The Four Most Realistic Songs About Adulthood

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Well, I guess this is growing up.
On any given day I will tell you that being an adult is either the greatest thing ever or the absolute worst. Much like the moral of a South Park episode, however, the truth is somewhere in the middle. As many of you have no doubt discovered, being an adult is pretty boring. You wake up, go to work, browse Facebook, pay your e-bills, pretend to work, and go home. After that you fall asleep on the couch while watching Castle on TNT because you thought they still aired Law and Order at that hour and you're too tired to find something else.

Not exactly the stuff that songs are written about.

Occasionally, though, a brilliant artist will come along and attempt to encapsulate what it means to be an adult through the art of song. Few have done it successfully -- only four have done it perfectly.

"Fred Jones, Part 2" by Ben Folds

You could pick literally any Ben Folds song and it would be a depressingly accurate window into the world of adulthood, but there's just something so hopeless and tragic about the story of Fred Jones that nothing else compares.

If you've ever left a job with nothing to show for it, or been replaced by someone with half your experience, or seen the whole world change around you while you're faced with stagnation, the life of Fred Jones will resonate with you and probably make you want to curl up in bed and die. The sad truth of growing up is that at least once in your life, you will feel 'forgotten but not get gone'.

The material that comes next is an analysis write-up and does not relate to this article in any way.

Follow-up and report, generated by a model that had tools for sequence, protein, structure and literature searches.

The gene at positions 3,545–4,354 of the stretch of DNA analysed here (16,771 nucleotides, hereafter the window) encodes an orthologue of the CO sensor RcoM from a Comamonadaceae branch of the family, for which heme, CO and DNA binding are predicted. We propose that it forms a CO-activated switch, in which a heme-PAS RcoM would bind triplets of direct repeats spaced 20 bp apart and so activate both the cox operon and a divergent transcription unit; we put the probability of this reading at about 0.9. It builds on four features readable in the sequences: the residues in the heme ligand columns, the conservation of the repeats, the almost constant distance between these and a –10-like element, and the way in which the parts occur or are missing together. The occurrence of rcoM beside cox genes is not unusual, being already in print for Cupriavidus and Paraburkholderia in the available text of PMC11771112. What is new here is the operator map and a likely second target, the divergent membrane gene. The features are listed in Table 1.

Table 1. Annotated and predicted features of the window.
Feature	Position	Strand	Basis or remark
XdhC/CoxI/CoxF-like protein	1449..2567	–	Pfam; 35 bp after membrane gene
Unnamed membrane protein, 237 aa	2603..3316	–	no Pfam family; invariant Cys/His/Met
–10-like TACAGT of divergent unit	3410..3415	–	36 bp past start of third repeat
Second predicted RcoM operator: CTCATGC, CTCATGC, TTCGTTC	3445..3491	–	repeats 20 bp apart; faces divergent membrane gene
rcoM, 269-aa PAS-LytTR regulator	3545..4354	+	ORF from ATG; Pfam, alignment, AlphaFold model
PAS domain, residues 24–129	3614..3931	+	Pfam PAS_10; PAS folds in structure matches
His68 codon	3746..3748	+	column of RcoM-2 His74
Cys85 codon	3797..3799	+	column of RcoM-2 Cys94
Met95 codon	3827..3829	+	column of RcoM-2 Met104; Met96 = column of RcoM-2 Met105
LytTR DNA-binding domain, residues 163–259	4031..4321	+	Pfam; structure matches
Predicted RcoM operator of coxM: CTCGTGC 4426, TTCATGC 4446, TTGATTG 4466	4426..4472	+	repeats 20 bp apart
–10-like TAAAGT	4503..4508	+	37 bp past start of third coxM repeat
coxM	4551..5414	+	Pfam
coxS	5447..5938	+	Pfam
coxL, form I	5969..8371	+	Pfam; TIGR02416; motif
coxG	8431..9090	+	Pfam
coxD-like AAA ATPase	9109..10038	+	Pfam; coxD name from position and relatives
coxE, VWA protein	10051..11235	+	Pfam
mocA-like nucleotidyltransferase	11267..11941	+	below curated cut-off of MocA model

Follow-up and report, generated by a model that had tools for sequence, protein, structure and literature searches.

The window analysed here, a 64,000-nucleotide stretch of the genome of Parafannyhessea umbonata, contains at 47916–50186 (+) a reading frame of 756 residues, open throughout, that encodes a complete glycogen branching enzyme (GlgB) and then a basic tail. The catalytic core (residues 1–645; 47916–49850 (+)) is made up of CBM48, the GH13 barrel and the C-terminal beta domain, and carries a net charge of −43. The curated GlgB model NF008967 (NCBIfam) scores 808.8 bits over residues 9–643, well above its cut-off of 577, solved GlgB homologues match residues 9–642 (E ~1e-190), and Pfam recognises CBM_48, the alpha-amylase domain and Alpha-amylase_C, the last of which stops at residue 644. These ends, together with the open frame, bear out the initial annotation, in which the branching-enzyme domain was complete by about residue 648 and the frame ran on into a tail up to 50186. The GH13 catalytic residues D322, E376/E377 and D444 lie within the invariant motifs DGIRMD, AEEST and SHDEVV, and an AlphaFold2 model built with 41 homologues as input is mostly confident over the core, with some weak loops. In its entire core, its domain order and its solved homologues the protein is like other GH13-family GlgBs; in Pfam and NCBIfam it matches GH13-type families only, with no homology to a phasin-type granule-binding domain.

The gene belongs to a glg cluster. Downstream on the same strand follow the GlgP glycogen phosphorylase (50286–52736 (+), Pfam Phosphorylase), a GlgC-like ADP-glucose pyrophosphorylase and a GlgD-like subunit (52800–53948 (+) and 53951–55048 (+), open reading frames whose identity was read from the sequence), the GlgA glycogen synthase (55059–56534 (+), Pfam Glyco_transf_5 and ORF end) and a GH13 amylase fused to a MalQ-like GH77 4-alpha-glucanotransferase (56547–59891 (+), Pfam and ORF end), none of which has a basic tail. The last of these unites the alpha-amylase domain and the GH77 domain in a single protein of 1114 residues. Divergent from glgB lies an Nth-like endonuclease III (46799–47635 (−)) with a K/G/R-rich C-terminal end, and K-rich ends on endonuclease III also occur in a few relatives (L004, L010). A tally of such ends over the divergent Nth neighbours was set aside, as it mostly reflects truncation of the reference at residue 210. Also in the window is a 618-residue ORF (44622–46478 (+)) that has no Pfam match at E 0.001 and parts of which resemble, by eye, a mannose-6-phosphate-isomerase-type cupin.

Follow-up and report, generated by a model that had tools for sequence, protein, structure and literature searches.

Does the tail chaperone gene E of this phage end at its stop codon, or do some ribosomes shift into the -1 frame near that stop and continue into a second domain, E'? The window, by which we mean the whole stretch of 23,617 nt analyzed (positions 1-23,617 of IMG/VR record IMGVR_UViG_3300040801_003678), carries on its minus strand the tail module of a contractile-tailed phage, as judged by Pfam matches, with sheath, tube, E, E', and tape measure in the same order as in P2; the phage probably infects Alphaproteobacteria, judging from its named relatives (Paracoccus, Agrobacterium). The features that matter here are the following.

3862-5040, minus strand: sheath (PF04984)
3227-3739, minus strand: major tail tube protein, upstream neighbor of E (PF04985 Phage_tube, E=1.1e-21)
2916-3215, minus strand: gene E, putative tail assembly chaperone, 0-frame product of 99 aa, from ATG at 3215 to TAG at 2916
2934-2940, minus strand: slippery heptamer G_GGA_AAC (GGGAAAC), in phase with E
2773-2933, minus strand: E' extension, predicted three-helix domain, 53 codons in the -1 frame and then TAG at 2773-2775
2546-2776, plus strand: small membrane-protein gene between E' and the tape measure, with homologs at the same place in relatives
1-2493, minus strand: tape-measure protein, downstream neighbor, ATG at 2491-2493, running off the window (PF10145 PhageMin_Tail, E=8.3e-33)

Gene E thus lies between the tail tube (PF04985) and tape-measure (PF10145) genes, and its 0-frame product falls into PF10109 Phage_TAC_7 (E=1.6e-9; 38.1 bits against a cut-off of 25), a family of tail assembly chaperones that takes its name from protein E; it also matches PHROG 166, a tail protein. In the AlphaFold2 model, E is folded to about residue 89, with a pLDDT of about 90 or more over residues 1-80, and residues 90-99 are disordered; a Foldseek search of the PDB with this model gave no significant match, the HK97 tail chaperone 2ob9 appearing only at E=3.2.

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Joe Kennedy
Joe Kennedy

You missed one called Rich Man by Climax Blues Band.

Brian Woloshin
Brian Woloshin

Oh mention of Harry Chapin's Cat's in the Cradle or Cat Steven's Father & Son? This list needs major work!


Even though it's the middle of "You Never Give Me Your Money," and it's interpreted to be about other things, I always liked the section: "Out of college, money spent, see no future, pay no rent, all the money's gone, nowhere to go. Any job, I got the sack; Monday morning, turning back, yellow lorry slow, nowhere to go. But oh, that magic feeling: Nowhere to go. Oh, that magic feeling, Nowhere to go, Nowhere to go." Whether I was 21 or 40, that always summed it up for me. I have all the power, all the freedom . . . and sometimes nowhere to go. But in the despair hides a ferocious liberation.


"I'm an Adult Now" by The Pursuit of Happiness. 

"I don't need my parents, I don't get drunk just to spite 'em, I got my own reasons to drink now, I think I'll call my dad up and invite him." And that's just the first line. It's a real hoot and it rocks.  

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